You seem to feel that VB apps are to be frowned upon. I fail to see why a well written application in any language should be looked down upon. I believe Sturgeon's Law still holds. Ninety percent of everything is crap. That applies equally to VB, C, C++, even Python. Blame the programmer, not the platform.

In any case, we are probably getting off topic.

0

pySide is free even for commercial use. I was judging winner of programming contest as high school student in summer camp 1982, as I was then not inspired to code there, but concentrated on learning Lisp from book. There was 8085 assembler functional game and half finished program in QBasic, whose idea of structured programming was GOSUB 3000. That Basic code was commented however so nicely, that we where impressed more of it than nearly uncommented pages of assembler. So you can really do good programming in almost any language.

0

I may be mistaken but I believe you have to by QT

Jim, Qt has dual licensing of which one is LGPL which in turn in quite suitable for developing proprietary applications. The Python binding for Qt, PySide is again licensed under LGPL so developing with Qt (QtCreator) + PySide doesn't cost you anything. But I do agree that it doesn't buy you a lot if you are conversant with VB.NET and are free to use your language/tools of choice.

The first actual GUI app I developed was a Load Advisory Program for our control centre (in C under OS/2). No tools, and all GUI elements had to be coded by hand. It was brutal

TBH, I have always found UI development to be a bit brutal with varying levels of brutality depending on the toolkit you use. The trick IMO is to get into a comfortable zone with a few of them to the point that the quirks end up looking like features. ;)

Nice to see you back. I hope the move went well.

Yup, feels good to be back! :)

0

I'll check out the LGPL version of QT in September when I get back from the cottage. A 1.7 gig download is a tad large for summer bandwidth. Thanks for the suggestion.

0

My last post was uncharacteristically harsh. Sorry about that.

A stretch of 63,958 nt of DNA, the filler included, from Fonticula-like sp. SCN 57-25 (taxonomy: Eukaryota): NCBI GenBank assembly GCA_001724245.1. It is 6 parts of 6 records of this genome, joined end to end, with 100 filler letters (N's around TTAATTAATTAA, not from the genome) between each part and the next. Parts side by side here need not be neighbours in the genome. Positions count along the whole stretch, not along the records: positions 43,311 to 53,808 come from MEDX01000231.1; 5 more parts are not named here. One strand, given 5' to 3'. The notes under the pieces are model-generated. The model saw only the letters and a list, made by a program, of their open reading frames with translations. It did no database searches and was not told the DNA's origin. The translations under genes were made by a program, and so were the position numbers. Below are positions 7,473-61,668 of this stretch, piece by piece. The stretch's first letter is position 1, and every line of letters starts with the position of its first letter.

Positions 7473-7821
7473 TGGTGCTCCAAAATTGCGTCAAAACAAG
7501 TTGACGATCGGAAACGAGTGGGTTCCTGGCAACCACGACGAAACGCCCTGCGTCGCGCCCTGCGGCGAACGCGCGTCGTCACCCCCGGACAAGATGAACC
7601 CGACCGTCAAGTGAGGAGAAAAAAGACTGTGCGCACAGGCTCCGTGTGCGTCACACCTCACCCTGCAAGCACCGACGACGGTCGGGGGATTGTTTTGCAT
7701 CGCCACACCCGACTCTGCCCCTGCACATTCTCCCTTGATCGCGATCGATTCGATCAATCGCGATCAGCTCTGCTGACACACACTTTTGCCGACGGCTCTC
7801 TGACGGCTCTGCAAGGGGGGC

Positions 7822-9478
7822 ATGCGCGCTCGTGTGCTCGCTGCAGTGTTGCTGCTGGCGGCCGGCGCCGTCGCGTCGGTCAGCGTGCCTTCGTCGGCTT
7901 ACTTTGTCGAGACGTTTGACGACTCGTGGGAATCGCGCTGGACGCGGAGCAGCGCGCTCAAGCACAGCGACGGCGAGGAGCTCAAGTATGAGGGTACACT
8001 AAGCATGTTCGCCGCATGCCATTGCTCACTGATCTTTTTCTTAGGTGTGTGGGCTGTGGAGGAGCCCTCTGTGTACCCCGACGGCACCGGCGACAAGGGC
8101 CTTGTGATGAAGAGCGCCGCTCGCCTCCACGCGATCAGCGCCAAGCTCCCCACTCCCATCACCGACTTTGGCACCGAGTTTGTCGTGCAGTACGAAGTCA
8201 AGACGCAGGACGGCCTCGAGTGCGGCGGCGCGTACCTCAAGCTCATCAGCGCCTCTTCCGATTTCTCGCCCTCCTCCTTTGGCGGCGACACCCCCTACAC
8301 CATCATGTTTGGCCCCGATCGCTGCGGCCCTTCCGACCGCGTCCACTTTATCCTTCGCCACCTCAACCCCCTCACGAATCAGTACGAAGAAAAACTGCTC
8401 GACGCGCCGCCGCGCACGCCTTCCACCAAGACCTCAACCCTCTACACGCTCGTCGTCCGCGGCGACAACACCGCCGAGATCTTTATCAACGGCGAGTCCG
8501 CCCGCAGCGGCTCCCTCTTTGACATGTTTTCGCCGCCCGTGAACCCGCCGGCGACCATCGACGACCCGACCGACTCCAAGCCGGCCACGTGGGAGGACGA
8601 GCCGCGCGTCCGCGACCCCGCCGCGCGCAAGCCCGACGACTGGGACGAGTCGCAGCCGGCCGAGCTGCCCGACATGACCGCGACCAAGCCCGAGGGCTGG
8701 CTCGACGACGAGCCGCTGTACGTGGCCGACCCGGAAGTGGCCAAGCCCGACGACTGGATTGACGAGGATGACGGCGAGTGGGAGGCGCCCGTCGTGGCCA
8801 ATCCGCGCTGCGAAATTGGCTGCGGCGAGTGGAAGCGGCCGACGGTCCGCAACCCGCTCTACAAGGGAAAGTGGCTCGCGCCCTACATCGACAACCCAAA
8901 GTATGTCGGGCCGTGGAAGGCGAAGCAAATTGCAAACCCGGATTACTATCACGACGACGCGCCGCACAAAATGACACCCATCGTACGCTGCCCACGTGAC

I don't have a good opinion of VB -- I feel that it's popular in spite of its design, not because of it. It suffers from an unfortunate family tree, and on top of that, it's not an open standard (big black mark in my book).

Granted, it doesn't really compete in the same areas with any of the languages I regularly use, so I don't have anything to say about its use in any particular application. I just wouldn't advise it as a general purpose language for beginners.

0

Well just saw that this thread was unearthed again so to speak.

At the moment I have the opportunity to teach some school kids maths. One of them is just 11 and without doubt the key to teaching programming is to make it FUN.

I still stand my opinion that python seems to fulfil almost everything when it comes to rudimentary programming idioms, and more importantly, making it easy to understand... but unless you're using a gui toolkit it's rather boring.

Flash, is the perfect tool here because it was made for animating. As long as the kid you are teaching is engaged you can skip out the programming syntax as most of that is unnecessary at that.

Build something simple, get the kid to draw or create the objects and then just explain the most important bits... Syntax is unimportant at this age.

It's all about engaging them...

At the moment I'm using AS3 because that's what I'm used to... but I'd second William's suggestion to stick with AS2 as it isn't object orientated as AS3...

Edited by iamthwee

This question has already been answered. Start a new discussion instead.
Have something to contribute to this discussion? Please be thoughtful, detailed and courteous, and be sure to adhere to our posting rules.